Now merchants and farmers are evaluated to see who controls the hill. Players lay their player shields flat and use the scoring track and wooden scoring cube to help them add up their influence for each hill. Each merchant and farmer around the hill scores influence points in the following manner:
-Merchants: Each merchant gets influence points for each inhabitant adjacent to it regardless of color or the territory tile on which it is standing – 1 point for each merchant, 2 points for each farmer, and 3 points for each soldier.
-Farmers: Each farmer gets 2 points for each adjacent unoccupied field and 2 points for each adjacent spring (occupied or not), and 2 points if he is standing on a spring.
The player with the most influence on each hill gets the laurel token. If more than one player ties, the laurel token is discarded and the tying player(s) get two-point discs instead.
After all the hills have been scored, players add up their captured inhabitants, scoring discs, and laurel tokens. The player with the highest total is the winner.
Despite the hidden information, there are a few strategies that one can employ. It is easy to spot and grab the most valuable locations for farmers based on the springs. Soldiers can be placed on locations that are surrounded by an odd number of hexes, thus making it more likely to capture surrounding inhabitants. However, another player can also thwart this by placing a soldier on one of those spots, making the number even. Still, it is VERY difficult to predict how placements will work out as tokens may be removed as each hill is evaluated, affecting the scoring of subsequent hills.
Palatinus is a game that I really wanted to like, but after several plays I have decided that I just don’t care for it. Some people think that games with a hidden action selection mechanism feel too random, but I disagree in most cases. I put thought into trying to predict my fellow players’ selections as well as my own, sometimes trying to make an unpredictable play to throw others off. Call it “women’s intuition” or something else, but I usually enjoy and excel in these sorts of games. With the tricky, cascading nature of the scoring in Palatinus, I found trying to think through all the different placement permutations to be daunting task. Yet, it was hard for me to not try to think through at least some of them because otherwise the game would turn into one of random guesses, just as the critics of this type of mechanism claim. I really don’t think this mechanism of hidden placement is well suited to this game as it increases too greatly the number of possibilities to consider. It helps that some placements are open, but not enough. I suppose one could try to play it with completely open placements, but I imagine the game would totally bog down with analysis paralysis. I’m sure that there are some players who are up to the difficult mental task or who will be able to find a balance between analysis and guessing and hence enjoy the game, but I am simply not one of them. While watching the endgame scoring unfold is rather fascinating, the fascination often turns to frustration as the placements you thought were clever end up being detrimental. I can see though, that others may not mind and may even enjoy the surprises.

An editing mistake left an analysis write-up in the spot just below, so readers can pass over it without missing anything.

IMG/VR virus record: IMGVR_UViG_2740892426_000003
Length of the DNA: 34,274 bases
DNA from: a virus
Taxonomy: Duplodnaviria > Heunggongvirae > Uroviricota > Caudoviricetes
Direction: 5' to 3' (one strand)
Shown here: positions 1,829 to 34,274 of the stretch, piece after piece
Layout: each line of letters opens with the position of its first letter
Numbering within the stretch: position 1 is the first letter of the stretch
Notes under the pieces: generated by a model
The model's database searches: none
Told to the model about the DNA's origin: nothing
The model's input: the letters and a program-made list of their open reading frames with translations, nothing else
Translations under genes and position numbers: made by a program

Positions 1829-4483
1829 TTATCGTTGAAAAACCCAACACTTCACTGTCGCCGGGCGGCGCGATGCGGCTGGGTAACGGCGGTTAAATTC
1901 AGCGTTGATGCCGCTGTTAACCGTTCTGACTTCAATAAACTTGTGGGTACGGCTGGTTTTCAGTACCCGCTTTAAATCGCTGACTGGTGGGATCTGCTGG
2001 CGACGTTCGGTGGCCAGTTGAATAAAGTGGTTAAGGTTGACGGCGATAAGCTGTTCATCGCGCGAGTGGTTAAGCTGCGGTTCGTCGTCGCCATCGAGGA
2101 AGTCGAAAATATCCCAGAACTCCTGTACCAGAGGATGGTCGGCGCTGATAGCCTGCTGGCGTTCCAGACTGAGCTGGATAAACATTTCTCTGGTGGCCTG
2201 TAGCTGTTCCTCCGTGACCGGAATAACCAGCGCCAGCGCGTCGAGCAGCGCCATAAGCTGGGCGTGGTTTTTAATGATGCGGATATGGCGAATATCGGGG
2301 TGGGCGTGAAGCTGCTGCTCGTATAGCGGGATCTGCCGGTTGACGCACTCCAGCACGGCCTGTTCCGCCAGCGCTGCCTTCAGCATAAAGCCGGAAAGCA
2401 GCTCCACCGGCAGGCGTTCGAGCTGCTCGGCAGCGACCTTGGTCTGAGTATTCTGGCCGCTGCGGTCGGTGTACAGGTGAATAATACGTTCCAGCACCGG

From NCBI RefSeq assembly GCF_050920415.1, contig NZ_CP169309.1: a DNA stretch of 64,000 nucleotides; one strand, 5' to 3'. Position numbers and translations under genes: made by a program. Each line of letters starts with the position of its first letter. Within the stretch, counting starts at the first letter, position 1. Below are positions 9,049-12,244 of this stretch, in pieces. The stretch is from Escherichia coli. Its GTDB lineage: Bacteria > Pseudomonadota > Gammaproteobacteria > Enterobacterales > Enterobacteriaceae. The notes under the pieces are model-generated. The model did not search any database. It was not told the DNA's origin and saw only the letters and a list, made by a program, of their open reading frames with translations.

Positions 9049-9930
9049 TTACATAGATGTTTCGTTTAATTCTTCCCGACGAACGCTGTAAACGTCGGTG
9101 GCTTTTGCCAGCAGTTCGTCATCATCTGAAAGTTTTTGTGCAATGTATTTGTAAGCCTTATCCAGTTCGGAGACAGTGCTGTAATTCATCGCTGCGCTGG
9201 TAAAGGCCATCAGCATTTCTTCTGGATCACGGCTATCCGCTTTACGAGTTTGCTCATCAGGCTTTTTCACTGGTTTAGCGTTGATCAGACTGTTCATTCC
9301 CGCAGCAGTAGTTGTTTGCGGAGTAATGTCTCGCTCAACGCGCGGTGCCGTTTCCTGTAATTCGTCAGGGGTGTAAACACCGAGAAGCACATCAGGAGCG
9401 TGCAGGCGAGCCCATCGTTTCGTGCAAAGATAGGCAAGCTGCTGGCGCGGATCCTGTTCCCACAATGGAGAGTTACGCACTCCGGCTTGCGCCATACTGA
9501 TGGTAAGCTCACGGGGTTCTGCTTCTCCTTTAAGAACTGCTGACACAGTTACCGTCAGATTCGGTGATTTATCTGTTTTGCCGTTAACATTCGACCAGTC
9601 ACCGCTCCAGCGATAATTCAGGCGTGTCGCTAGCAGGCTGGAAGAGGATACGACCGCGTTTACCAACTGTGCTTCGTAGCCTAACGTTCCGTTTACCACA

Though Palatinus is elegant with some clever ideas, in the end I found it to be too much mental work to be enjoyable. It is possible to play in such a way as to make it a lighter game, but I did not find this to be very satisfying. It plays very quickly, however, and scales well with differing numbers of players. It does feel very original and I suspect that there are some who are going to enjoy the depth that it offers in such a short playing time. However, I definitely feel that this is a game that one needs to try before purchasing.
Thanks so much for the detailed review! I saw Palatinus in my local game shop at discounted price ($10), and was considering buying it. Given what you say, I don't think it would appeal to me, so will pass. Your comments as to what kind of games you like, and your impressions of the relative mixture of luck, bluffing, role selection, etc., are most valuable, and exactly what somebody really wants to know (as opposed to so many reviews, which just dryly summarize the rules).